How to improve the effectiveness of your training and the results of your racing in just 20 minutes
Chances are, you’ve seen plenty of warm-ups. At races, the gym, even professional sporting events. The purpose for these pre-event routines is to fundamentally change your physiological state in a way that will pay dividends later on in the activity or race.
Let’s start with why you should warmup before a workout or endurance event. The benefits include increased blood flow, an increased elevated baseline VO2, reduced muscle stiffness, and even psychological benefits.
Increased Blood Flow
It’s pretty basic: the more oxygen you can deliver to your muscles, the more power you can produce. Oxygen acts as the catalyst to produce energy, and the hemoglobin in blood acts as the oxygen transport. Hemoglobin can give off twice as much oxygen when blood is raised by 5 degrees Celsius, and a good warmup can raise muscle temperature by 6 degrees Celsius.
Elevated Baseline VO2
Huh? Gesundheit? OK, it’s a bit wonky but baseline VO2 in this context just means your normal, resting rate of oxygen use. When you warmup, it briefly raises your use of oxygen at rest, and that elevated baseline then extends into exercise. In other words, elevating your baseline VO2 just before intense exercise increases your ability to process oxygen during that activity.
Reduced Muscle Stiffness
Muscles are composed of two major protein filaments: a thick filament composed of the protein myosin and a thin filament composed of the protein actin. Muscle contraction occurs when these filaments slide over one another in a series of repetitive events (thank you, Google!). These two filaments start to “cuddle” when at rest, leading to stiffness and reduced range of motion. Warm-ups breakup the bonds between the filaments that occurred at rest, allowing you more easily shift into long or intense exercise.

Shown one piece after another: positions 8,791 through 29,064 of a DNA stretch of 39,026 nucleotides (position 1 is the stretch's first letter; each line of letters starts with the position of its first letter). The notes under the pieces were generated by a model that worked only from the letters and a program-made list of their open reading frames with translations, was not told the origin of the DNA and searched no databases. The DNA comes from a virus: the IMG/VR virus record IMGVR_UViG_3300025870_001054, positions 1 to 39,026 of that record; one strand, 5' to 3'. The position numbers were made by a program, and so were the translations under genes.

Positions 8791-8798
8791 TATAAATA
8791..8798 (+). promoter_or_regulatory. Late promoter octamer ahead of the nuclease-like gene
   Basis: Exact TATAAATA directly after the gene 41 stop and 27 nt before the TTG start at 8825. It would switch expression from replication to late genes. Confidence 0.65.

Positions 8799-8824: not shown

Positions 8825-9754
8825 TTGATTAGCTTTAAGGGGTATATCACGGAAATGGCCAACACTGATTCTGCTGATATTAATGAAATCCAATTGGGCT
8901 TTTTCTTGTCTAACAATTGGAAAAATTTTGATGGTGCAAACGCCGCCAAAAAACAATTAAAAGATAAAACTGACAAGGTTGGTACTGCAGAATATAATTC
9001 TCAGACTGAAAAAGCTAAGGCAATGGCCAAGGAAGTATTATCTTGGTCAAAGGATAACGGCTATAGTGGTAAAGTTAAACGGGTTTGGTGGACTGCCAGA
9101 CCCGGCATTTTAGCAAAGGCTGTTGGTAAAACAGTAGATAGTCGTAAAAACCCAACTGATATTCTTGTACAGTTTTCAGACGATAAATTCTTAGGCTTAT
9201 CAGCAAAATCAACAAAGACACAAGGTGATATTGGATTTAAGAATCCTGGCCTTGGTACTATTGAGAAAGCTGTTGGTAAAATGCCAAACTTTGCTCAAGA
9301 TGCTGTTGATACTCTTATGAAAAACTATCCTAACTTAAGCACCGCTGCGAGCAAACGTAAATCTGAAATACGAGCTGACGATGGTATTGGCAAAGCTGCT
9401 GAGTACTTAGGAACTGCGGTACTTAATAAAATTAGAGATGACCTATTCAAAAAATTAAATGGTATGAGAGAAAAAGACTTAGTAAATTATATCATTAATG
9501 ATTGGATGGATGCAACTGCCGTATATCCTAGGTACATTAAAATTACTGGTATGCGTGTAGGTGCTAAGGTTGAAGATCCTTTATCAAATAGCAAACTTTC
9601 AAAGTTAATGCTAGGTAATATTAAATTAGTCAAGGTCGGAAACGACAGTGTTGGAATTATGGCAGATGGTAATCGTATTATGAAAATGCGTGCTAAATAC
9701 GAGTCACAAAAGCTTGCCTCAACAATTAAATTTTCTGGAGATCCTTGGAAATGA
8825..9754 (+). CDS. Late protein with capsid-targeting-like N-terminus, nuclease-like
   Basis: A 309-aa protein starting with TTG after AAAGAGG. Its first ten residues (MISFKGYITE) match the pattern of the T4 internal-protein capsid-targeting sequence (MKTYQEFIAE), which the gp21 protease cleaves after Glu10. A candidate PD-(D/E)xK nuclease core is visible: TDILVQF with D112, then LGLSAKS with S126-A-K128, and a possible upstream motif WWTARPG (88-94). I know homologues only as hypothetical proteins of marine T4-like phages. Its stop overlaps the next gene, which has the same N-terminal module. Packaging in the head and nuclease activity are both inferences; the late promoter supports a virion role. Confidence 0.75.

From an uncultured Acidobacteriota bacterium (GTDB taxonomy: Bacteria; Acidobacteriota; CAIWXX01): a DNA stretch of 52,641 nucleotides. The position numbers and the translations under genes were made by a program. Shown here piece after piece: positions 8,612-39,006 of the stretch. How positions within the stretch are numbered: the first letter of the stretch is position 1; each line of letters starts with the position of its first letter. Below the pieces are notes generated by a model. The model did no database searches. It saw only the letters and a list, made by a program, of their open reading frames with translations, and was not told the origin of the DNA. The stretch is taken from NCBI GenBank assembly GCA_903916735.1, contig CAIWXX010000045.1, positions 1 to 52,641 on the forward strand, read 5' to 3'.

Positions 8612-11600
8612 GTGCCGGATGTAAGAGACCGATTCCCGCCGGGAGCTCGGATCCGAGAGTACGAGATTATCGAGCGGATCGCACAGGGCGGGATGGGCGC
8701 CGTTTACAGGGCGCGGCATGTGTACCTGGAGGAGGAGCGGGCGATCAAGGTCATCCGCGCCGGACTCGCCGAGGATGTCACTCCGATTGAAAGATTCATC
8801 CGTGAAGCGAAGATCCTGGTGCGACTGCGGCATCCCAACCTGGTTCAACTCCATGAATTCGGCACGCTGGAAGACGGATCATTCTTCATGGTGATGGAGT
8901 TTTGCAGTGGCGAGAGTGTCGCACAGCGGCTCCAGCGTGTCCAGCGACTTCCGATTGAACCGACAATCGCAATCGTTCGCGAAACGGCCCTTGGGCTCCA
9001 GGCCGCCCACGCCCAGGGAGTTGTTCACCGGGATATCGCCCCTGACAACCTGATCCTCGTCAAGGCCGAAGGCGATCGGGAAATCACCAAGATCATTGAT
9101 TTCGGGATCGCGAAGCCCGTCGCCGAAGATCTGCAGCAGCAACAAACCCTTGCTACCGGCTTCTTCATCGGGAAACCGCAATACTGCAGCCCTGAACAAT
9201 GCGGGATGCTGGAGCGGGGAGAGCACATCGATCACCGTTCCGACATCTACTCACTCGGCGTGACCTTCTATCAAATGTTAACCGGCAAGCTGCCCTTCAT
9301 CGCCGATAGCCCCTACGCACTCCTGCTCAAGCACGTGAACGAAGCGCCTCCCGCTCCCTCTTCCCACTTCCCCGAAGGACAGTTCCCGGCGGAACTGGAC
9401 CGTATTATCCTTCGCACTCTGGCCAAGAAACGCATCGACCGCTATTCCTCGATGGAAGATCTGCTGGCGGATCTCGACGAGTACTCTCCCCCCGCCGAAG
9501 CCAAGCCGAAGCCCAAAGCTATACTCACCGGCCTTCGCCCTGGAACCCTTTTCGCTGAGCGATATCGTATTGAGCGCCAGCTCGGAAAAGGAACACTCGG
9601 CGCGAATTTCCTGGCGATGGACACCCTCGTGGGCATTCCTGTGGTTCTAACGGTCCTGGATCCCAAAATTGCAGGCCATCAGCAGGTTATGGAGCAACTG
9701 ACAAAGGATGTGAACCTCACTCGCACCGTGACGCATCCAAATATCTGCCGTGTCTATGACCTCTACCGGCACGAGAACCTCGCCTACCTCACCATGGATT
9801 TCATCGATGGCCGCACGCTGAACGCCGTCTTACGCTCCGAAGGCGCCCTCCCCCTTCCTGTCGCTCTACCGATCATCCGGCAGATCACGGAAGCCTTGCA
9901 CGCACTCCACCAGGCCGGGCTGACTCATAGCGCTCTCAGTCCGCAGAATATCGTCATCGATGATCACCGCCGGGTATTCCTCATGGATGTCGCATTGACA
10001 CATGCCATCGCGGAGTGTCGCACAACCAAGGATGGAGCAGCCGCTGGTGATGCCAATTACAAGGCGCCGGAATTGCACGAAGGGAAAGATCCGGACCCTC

An interview of 75 current and former Canadian Olympians reported that visualizing warmup improved their performance and mood. Of course, being Canadian, they were probably always in a good mood. Regardless, adding a warm-up routine to your training and racing can lead to the same psychological benefits, without changing citizenship.
When to Warm-up
A warmup can be applied to both training and racing. It’s most useful before a race, or before you start intense or long intervals when training.
The goal of the warmup is to maximize the benefits listed above, without increasing the risk of unnecessary fatigue, core temperature, and energy stores. The warmup should be short enough to gain the benefits, but not so long that it causes other problems.
When Not to Warm-up
Sometimes, a warm-up does more harm than good.
- Avoid a warmup for events or training longer than 3 hours.
- If your fitness is low, the warmup can fatigue you early and compromise performance later on.
- If the temperature at the start of your activity is more than 90 degrees Fahrenheit (32 degrees Celsius) a warm-up can contribute to an increased core temperature (that’s good for pot roasts, bad for you).
- If you have not practiced warmup in training or previous races, don’t test it out on race day.
- If you are training without intense intervals, and the entire workouts is at low intensity, a warmup is not required.
How to Warm-up
The warm-up should consist of a…uh…a warm-up. Seriously, start the warmup with 10 minutes of easy jogging. Then, to really open up that oxygen transport run 3-5 intervals of 10-30 seconds close to sprinting with long, easy recoveries over another 10 minutes for a total warmup time of 20 minutes.
When racing, try to time the warmup to end no later than 30 minutes to the start of your event, the closer the better. For example, if you are a triathlete, perform this 20-miniute warmup maybe 30 minutes before the start of the race, get on your wetsuit, and continue the warmup in the water until just before the race start.